Chinese Tallow Tree
Also known as the Popcorn Tree, the Chinese Tallow Tree is one of the top 10 most invasive plants in Mississippi. Popcorn trees spread like wildfire, overtaking native vegetation, damaging wildlife habitats, and destroy nature's balance. Popcorn trees have distinct, heart-shaped leaves, dangling yellow flowers, and fruit that looks like popcorn.
To report a Chinese Tallow (Popcorn Tree), visit the Popcorn Tree Control Program.
About the Chinese Tallow Tree
The Chinese tallow tree is a popular ornamental because of its fast growth rate, attractive fall color, and ability to resist damage from pests. It is a small tree that grows to about 20 feet tall, but some specimens can reach up to 50 feet. It is freely branching with leaves arranged alternately on branches. The leaves have acuminate tips and entire margins, with broadly ovate leaf blades and rounded bases.
The Chinese tallow tree has flowers that are attractive to bees and other insects. It produces three-lobed capsule fruit that ripens from August to November. They are deciduous with a strong, deep taproot. This enables young trees to withstand periods of drought. Seeds are spread by birds and moving water.
Chinese tallow can invade almost all habitats from wet to dry and from sun to shade. It often grows along roadsides, coastal areas, and streams. Some specimens can produce up to 100,000 seeds that may be eaten and dispersed by birds. Regrowth often occurs from cut stumps or roots.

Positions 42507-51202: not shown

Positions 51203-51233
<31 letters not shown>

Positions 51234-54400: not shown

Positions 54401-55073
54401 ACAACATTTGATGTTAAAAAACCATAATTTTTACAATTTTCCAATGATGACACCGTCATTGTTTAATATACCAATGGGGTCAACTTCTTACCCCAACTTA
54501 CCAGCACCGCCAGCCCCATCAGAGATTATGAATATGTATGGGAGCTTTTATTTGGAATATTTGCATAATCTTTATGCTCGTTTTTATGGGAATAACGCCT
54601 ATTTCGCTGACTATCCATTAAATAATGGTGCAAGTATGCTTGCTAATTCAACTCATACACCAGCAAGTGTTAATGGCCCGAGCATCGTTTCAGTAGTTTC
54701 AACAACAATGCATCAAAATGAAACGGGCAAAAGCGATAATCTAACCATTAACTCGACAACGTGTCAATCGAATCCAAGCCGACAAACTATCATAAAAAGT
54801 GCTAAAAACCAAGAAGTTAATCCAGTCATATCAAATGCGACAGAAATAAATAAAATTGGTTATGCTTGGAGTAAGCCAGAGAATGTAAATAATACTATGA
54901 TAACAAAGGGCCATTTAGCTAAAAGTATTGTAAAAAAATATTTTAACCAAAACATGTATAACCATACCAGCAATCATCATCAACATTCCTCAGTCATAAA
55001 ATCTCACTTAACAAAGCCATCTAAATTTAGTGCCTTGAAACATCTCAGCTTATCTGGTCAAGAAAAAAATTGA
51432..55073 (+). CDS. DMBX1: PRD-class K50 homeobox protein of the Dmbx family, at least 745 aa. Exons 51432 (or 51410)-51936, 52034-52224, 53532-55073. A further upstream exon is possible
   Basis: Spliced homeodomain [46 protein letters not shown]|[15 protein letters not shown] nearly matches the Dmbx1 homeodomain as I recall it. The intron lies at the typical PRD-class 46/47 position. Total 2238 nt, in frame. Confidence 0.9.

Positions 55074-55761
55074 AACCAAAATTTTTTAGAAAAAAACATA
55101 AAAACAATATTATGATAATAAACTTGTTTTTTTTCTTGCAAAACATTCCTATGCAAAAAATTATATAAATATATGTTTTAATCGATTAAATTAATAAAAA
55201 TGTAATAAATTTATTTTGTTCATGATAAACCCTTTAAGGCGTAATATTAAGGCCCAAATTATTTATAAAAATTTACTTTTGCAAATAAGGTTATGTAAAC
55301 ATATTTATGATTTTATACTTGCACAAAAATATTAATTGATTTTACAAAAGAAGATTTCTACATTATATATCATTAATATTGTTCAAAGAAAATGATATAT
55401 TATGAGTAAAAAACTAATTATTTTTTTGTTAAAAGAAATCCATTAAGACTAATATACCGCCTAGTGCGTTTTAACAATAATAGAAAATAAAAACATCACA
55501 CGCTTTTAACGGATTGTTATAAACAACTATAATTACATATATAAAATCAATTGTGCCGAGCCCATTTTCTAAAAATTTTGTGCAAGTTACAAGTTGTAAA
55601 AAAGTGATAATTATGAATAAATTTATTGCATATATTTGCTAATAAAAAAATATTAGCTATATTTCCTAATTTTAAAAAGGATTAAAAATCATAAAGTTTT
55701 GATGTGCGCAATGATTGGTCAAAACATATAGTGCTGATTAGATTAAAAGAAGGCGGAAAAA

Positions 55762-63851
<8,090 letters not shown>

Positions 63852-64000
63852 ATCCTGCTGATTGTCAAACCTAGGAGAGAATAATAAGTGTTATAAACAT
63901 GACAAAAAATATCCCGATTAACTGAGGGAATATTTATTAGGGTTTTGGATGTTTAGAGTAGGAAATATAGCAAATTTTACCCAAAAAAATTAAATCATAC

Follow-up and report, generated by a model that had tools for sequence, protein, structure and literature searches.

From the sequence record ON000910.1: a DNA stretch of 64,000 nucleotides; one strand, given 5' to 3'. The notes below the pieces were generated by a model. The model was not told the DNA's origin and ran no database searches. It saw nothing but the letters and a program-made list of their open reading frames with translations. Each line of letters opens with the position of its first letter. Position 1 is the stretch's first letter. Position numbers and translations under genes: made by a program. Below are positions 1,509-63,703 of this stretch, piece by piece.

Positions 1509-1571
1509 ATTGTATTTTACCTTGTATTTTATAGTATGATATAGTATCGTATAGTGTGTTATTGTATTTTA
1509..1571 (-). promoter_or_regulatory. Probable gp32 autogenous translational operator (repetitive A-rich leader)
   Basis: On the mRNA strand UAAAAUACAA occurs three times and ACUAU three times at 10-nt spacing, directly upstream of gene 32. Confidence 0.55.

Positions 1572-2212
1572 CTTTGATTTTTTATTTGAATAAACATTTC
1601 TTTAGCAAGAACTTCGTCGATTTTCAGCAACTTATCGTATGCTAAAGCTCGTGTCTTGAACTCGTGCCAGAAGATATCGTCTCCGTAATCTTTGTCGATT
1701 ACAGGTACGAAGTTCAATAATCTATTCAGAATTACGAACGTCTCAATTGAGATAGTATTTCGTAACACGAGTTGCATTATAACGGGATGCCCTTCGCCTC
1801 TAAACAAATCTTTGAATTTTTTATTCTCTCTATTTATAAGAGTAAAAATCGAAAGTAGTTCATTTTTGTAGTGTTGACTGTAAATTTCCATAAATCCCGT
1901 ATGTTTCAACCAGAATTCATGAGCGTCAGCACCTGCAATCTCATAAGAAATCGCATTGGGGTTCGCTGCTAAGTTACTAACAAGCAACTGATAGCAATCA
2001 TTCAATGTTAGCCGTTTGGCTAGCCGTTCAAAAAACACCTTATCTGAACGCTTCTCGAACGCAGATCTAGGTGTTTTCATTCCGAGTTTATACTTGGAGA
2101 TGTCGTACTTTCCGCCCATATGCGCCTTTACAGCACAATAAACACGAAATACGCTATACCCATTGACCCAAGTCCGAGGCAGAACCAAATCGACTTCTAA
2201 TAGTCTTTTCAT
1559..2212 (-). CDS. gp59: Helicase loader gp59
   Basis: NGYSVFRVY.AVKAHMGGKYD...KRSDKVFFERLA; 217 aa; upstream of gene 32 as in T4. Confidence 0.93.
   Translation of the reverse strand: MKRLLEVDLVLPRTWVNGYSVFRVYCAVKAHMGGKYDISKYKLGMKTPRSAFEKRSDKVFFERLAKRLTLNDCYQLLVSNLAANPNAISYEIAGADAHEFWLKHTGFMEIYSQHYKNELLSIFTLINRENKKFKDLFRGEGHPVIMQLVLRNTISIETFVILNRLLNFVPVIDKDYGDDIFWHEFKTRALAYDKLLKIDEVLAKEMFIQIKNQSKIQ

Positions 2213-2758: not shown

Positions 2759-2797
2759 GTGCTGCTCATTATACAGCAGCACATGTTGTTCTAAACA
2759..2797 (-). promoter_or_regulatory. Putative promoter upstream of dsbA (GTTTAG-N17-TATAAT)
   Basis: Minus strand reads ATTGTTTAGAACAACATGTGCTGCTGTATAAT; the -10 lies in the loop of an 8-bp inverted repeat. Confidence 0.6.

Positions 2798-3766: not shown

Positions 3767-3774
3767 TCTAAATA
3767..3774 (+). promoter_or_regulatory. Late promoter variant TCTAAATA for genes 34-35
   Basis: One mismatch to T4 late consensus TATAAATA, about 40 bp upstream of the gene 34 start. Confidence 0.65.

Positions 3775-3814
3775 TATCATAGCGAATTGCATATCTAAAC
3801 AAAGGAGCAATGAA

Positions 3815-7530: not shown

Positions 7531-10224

Native species are crowded out once Chinese tallow becomes established. The leaves and fruit are toxic to cattle and cause nausea and other sicknesses in humans.
Prevention is an important control tactic for Chinese tallow. Landowners and homeowners are encouraged to remove full-grown trees and seedlings from their property.
Seedlings should be continually pulled by hand before they reach maturity. Alternative trees similar in size such as blackgum, maples, dogwood, and crape myrtles can be planted in areas previously occupied by Chinese tallow.
Mature trees should be cut down with a chain saw. The final cut should be made as close to the ground as possible and as level as possible. This will make an herbicide application easier as well as prevent resprouting from the cut.
Seedling trees can be mowed or disked when small. Burning is also very effective for both small and larger trees. There are no known biological control agents available for the control of Chinese tallow; however, it can be achieved with the use of triclopyr ester applied in an oil diluent.
For more information about controlling Chinese tallow trees, visit the Popcorn Tree Control Program.